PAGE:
It’s one more contributing factor to increasing income inequality (since those most exposed to the vicissitudes of inflation calculations rely disproportionately on entitlements and welfare) but it will be no surprise that different inflation calculation methodology has never been much of a hot-button political issue. For investors, you take the world as you find it. Fixed return securities such as bonds provide scant compensation for inflation risk. Someone asked me just the other day what I thought was the best protection against a steady increase in inflation (whether it’s inflation as measured by the government or simply the higher version as experienced). The best answer we have is to invest in equity securities whose underlying businesses possess built-in protection in the form of pricing power. Stable companies with consistently high operating margins; midstream Master Limited Partnerships (MLPs) who often own fee-generating assets whose pricing is inflation linked. These are two of the best forms of defense an investor can adopt. While it’s probably a stretch to assume a government conspiracy, it’s hard to identify participants in the debate whose interest is to err on the side of higher (i.e. more conservative) inflation calculations.

67th CFA Institute Annual Conference

Earlier this week I was at the 67th CFA Institute Annual Conference in Seattle. It enjoyed a record attendance of over 1,800 and I have to say was one of the better organized events I’ve been at, situated in the cavernous Washington State Convention Center. One thing I particularly liked was that the networking doesn’t involve people trying to sell you something, and the fact that delegates are overwhelmingly CFA charter holders results in a good probability of an interesting conversation.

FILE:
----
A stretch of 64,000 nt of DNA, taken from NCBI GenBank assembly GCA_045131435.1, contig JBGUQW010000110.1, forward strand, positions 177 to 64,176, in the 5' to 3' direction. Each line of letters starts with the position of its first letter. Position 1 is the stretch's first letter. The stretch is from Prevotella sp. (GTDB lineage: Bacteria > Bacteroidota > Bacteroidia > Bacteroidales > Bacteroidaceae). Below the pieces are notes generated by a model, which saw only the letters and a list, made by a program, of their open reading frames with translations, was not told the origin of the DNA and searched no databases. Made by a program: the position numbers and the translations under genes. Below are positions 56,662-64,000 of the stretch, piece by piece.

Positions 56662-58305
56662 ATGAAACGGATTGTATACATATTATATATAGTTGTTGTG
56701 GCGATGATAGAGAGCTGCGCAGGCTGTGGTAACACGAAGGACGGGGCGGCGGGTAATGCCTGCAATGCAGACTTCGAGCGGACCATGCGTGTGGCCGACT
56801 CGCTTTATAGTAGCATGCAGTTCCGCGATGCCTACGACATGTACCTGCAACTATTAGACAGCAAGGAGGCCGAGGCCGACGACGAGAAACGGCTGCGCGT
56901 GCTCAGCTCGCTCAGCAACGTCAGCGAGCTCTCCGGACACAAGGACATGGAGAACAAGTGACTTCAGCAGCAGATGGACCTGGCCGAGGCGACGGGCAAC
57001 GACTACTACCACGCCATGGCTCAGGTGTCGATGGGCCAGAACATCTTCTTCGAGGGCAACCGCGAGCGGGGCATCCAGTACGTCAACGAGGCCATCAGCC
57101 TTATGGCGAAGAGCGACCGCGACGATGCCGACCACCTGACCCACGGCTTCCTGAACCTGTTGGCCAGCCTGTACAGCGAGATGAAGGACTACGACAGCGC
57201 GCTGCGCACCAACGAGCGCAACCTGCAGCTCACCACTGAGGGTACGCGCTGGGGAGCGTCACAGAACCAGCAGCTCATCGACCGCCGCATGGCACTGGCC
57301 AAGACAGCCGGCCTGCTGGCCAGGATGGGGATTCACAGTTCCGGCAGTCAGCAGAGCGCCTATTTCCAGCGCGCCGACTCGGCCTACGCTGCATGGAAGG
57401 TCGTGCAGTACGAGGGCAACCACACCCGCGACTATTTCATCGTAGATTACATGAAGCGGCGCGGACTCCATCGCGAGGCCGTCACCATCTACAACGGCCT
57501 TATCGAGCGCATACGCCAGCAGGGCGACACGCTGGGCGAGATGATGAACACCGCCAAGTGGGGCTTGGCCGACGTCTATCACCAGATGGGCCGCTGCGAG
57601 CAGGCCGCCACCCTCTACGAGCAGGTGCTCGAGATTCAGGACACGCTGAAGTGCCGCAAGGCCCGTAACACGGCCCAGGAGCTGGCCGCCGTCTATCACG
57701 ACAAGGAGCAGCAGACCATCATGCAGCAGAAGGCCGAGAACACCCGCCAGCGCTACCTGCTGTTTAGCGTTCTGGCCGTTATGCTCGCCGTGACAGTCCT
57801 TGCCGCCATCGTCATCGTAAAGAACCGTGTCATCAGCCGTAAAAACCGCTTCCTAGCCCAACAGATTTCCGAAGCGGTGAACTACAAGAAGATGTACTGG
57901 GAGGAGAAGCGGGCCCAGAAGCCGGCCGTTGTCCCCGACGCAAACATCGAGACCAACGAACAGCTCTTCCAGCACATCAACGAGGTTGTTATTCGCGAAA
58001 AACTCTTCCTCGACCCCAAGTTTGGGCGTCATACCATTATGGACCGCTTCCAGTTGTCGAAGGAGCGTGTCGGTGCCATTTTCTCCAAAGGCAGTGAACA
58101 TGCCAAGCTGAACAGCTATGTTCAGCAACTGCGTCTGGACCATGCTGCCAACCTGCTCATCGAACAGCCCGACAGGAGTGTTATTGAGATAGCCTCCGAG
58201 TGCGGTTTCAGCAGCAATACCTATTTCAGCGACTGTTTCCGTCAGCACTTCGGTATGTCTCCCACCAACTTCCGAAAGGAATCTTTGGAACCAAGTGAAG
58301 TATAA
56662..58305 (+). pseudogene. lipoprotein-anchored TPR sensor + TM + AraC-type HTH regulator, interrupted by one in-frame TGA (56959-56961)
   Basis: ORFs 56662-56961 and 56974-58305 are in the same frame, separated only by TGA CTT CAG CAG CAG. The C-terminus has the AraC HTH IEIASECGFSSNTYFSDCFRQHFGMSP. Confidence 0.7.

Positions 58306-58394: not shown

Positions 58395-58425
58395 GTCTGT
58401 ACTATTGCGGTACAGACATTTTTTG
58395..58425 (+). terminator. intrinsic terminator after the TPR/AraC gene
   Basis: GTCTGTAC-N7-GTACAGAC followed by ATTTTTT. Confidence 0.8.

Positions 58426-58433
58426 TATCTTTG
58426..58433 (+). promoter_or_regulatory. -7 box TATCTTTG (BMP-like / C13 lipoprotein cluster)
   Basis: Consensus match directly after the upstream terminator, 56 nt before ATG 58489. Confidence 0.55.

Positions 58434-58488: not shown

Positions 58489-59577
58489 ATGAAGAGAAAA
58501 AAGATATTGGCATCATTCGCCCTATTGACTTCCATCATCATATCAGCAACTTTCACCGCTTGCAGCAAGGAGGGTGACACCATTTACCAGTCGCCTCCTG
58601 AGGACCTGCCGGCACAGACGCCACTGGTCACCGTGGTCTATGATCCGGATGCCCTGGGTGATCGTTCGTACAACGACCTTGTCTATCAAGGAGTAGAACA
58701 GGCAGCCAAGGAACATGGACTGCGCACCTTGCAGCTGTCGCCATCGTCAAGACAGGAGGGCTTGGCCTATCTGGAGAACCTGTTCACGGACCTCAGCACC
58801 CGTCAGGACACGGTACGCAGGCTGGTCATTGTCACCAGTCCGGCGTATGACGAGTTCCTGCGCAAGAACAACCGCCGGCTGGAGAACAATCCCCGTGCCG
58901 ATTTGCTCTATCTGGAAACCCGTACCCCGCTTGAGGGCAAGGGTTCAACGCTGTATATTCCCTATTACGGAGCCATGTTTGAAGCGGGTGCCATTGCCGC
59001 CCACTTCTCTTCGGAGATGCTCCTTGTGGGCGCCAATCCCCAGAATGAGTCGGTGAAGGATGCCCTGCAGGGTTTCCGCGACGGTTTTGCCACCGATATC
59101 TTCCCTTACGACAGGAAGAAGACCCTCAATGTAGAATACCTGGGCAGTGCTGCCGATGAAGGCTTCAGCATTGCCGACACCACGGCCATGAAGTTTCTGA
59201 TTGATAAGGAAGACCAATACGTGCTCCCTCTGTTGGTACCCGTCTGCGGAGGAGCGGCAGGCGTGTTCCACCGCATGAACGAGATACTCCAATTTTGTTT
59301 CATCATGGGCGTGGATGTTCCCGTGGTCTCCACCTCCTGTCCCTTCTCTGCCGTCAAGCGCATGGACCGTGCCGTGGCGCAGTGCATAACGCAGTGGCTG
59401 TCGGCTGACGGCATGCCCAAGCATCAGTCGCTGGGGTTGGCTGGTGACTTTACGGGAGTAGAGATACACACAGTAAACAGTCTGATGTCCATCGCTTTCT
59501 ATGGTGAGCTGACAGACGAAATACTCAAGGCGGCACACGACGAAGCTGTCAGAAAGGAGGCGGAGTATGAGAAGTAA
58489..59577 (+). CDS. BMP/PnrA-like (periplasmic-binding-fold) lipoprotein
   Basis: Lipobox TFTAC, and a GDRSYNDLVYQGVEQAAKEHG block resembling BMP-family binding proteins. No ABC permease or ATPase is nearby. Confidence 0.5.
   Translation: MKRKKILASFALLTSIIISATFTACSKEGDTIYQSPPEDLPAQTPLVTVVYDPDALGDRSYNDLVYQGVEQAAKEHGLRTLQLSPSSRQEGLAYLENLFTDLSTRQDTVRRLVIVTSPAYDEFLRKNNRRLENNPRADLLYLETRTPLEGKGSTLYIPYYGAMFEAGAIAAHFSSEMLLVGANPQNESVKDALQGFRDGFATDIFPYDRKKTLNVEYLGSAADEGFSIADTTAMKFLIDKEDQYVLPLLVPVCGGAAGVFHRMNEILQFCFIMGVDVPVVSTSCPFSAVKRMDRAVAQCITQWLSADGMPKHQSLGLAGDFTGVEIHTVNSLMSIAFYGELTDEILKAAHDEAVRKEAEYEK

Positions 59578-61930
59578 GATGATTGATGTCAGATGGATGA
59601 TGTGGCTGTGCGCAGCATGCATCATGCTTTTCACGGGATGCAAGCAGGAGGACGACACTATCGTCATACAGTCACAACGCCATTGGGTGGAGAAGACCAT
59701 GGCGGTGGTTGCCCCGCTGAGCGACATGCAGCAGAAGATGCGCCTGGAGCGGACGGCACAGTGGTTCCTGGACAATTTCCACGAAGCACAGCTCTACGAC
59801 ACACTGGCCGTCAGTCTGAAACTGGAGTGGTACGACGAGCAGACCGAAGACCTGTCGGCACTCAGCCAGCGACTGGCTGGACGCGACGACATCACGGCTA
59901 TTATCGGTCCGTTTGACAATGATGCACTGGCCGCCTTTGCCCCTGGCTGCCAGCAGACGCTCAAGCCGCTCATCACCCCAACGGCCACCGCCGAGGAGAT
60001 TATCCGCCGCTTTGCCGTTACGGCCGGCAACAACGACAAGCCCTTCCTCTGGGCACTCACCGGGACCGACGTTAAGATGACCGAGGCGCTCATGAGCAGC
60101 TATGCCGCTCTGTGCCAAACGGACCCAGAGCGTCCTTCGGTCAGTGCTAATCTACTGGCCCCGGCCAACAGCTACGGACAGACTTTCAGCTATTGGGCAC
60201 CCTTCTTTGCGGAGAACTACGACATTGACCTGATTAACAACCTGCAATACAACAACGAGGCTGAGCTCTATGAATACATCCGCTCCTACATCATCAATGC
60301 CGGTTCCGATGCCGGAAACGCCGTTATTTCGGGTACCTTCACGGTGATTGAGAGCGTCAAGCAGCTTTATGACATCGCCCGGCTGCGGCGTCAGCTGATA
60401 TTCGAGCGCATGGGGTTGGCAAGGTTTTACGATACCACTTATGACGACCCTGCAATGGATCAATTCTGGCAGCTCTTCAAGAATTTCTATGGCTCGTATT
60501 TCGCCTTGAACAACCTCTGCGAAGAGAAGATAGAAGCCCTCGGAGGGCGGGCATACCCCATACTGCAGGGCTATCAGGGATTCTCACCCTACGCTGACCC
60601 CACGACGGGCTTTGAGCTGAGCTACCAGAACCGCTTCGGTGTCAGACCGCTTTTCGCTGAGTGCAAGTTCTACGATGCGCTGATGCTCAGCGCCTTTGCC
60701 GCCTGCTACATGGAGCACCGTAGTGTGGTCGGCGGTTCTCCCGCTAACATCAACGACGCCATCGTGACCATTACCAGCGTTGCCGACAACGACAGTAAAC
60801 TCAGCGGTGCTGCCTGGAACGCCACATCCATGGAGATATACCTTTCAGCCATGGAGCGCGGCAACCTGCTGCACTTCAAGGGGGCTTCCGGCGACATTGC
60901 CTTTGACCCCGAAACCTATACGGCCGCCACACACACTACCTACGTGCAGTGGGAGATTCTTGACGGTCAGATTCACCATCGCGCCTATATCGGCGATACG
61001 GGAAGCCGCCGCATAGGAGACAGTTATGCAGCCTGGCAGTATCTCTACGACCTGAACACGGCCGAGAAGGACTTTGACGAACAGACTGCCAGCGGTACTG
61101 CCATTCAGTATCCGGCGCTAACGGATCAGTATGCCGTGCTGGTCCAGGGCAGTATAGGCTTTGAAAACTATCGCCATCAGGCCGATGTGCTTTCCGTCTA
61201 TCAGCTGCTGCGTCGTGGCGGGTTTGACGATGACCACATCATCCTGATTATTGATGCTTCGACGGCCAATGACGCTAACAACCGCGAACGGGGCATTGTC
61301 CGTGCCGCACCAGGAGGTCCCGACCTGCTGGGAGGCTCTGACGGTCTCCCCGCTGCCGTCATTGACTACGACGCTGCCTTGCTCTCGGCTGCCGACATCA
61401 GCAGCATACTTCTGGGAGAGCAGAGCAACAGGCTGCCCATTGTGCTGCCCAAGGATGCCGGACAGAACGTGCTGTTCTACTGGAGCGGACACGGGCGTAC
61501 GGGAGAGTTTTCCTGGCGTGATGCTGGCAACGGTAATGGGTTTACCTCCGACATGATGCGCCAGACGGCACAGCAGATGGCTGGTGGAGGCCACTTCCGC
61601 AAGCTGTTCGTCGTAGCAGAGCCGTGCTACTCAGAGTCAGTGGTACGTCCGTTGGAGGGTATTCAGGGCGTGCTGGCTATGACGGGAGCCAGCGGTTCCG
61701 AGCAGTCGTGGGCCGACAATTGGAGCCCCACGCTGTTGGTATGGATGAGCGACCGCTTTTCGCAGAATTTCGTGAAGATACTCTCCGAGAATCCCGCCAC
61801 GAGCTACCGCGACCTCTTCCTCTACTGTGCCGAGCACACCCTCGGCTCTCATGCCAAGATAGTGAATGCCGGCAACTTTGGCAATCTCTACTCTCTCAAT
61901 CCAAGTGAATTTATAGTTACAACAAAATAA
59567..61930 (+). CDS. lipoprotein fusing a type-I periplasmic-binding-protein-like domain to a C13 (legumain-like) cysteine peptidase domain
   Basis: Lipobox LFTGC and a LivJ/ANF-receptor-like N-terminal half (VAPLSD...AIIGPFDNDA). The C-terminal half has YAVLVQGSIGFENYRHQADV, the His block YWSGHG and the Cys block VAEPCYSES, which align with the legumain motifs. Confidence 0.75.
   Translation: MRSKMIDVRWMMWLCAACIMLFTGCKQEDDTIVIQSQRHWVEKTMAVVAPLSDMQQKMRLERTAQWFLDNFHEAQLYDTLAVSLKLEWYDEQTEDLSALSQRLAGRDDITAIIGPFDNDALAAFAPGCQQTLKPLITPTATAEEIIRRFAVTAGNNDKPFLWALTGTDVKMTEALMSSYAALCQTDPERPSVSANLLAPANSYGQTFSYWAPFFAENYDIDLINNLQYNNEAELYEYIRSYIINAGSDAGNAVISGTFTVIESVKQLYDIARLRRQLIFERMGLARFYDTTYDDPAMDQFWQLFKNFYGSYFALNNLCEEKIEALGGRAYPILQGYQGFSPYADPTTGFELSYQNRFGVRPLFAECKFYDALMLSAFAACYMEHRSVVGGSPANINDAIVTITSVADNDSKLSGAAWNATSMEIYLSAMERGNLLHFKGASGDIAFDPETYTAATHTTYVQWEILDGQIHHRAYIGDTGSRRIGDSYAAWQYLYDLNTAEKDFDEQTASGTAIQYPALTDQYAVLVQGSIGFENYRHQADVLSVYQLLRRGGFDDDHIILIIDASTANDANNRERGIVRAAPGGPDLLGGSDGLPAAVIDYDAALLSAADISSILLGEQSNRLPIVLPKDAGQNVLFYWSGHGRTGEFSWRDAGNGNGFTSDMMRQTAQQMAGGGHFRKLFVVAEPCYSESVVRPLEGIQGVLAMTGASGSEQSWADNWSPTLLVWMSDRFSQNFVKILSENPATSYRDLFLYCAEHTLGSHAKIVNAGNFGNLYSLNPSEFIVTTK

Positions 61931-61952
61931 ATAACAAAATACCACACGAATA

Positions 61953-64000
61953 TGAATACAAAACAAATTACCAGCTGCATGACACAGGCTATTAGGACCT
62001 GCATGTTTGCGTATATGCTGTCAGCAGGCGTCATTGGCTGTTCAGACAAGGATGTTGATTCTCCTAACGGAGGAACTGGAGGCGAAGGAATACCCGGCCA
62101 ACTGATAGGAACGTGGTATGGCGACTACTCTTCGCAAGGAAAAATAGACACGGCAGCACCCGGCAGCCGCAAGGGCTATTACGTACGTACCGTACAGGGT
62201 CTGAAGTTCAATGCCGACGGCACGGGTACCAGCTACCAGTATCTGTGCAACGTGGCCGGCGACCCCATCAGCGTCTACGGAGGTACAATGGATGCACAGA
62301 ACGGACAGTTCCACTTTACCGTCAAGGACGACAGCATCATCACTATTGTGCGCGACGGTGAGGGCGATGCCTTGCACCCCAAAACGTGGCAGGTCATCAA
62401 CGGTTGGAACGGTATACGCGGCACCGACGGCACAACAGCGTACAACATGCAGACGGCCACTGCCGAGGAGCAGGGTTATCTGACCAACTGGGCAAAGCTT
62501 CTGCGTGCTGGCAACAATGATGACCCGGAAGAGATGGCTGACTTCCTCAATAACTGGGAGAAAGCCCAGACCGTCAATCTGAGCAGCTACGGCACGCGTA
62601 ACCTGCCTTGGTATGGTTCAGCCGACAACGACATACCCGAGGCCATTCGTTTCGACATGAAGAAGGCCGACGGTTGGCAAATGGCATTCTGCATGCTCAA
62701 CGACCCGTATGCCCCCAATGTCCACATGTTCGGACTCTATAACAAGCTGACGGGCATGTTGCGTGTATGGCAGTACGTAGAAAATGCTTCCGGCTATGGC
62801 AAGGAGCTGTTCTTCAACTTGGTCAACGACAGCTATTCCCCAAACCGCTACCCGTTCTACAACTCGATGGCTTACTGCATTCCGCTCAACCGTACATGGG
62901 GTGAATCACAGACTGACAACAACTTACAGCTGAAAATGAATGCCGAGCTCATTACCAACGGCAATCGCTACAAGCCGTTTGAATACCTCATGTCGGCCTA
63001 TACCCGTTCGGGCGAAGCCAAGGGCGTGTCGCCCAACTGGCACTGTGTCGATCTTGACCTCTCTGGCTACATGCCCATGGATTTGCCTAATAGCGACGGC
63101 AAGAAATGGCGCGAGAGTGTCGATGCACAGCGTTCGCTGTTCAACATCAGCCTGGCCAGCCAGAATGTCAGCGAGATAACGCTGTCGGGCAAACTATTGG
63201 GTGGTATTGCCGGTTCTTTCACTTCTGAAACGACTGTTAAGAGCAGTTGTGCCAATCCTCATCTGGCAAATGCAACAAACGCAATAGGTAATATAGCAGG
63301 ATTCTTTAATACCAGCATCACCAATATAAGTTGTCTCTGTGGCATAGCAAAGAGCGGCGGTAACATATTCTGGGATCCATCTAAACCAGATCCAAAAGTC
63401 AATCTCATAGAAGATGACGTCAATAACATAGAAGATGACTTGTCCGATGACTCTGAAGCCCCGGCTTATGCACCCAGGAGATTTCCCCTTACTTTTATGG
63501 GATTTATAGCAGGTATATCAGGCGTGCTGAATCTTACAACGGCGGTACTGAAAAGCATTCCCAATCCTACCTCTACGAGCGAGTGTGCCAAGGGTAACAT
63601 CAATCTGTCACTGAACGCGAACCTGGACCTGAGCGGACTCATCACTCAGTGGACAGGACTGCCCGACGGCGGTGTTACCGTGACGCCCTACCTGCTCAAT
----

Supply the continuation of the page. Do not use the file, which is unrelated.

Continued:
Sheila Blair, former head of the FDIC, gave a very good talk on the regulatory landscape and improvements she would like to see. Canada avoided any sort of financial crisis and in response to a question she concurred that being “a little more Canadian” would be a good thing in the U.S., pointing to campaign finance reform as one area that could reduce the ability of Wall St to influence the legislative process.

I also like the CFA’s new initiative, The Future of Finance which includes as one theme Putting the Investor First. The CFA is a great organization to be taking a leadership role in the debate about the financial services industry and how well it is meeting the needs of clients. As long as unlisted registered REITs, with their egregious underwriting fees, and closed end fund IPOs (which invariably trade to an immediate discount) are part of the landscape there is much room for improvement.

I gave a presentation titled, “The Fallacy of Hedge Funds” which relied on my book, The Hedge Fund Mirage. The audience was very generous with their attention and questions.

Afterwards I did a couple of interviews with the FT, one on hedge funds and the other on High Frequency Trading. HFT was the major topic of conversation at the conference.